It is the failure to relate to one another in this way that Brooks is always eager to diagnose as permanently stunting our development toward righteousness. So it’s no surprise, really, that when Brooks is weighing his sense of the racial divide’s singular quality as compared with other societal fissures, he characteristically offers this as a possible explanation: “One way of capturing it is to say that the other divides are born out of separation and inequality, but the racial divide is born out of sin.”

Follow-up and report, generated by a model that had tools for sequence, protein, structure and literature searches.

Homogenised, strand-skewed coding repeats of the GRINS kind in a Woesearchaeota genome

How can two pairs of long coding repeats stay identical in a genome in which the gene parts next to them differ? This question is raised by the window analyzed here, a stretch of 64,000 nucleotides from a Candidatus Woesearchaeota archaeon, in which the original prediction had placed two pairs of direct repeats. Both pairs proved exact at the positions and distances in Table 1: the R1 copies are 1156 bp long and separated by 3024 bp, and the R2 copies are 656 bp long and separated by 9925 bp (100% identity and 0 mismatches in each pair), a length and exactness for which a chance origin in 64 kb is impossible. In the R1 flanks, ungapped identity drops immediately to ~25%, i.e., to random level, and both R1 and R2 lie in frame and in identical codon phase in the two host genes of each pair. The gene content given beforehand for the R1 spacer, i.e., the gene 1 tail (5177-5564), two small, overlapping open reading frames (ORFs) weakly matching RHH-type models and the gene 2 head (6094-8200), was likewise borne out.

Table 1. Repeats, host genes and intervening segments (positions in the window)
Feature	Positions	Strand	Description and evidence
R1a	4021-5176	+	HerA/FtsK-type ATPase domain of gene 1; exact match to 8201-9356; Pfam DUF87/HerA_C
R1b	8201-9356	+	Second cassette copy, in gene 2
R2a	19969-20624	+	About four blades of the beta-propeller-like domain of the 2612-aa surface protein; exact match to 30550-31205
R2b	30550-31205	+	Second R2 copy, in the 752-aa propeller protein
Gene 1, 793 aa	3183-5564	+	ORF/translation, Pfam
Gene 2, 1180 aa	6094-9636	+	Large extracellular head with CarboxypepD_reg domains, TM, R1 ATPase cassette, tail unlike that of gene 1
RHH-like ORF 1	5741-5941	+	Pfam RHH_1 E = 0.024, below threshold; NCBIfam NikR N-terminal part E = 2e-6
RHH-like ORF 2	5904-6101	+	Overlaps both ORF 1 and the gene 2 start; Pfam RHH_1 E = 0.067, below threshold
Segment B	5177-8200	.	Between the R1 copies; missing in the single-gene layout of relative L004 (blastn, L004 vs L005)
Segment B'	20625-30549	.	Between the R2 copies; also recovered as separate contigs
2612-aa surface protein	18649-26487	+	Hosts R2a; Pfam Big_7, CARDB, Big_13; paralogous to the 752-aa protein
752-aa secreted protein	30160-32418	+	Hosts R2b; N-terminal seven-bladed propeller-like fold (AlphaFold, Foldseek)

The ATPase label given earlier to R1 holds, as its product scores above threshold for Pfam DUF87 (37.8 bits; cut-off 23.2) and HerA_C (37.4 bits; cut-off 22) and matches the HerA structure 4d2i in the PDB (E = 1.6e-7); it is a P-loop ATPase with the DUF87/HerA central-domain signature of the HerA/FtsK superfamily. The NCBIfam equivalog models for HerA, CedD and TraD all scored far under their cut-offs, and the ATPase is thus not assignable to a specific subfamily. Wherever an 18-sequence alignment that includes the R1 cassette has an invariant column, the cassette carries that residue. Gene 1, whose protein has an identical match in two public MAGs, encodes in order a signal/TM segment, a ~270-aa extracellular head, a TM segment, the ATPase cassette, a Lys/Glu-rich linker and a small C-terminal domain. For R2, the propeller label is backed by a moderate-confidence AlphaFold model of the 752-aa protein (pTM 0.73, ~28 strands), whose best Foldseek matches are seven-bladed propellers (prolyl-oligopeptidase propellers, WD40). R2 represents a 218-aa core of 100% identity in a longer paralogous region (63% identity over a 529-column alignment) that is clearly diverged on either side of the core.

It’s a curious but—for Brooks—ideologically cohesive distinction. As a conservative, inequality and separation (while present levels are perhaps in his mind no doubt obscene, and while he himself may even argue the need for more fair-minded and moral policy to mitigate their scope) are ultimately matters grounded in the individual’s right to differ. If I am not materially well off, but choose to invest in a certain stock and end up experiencing an impressive percentage of return, am I sinning? If my family has always lived in the suburbs and unfailingly voted Republican, are we a family implicated in sin? Considered in the abstract, no. If, however, a person ceases to be a human to me on the basis of the color of their skin, I inarguably forfeit a defensible position wherein I could be said to not be acting from a place of innate wickedness and clearly violating what Brooks calls the “natural moral order to the universe.”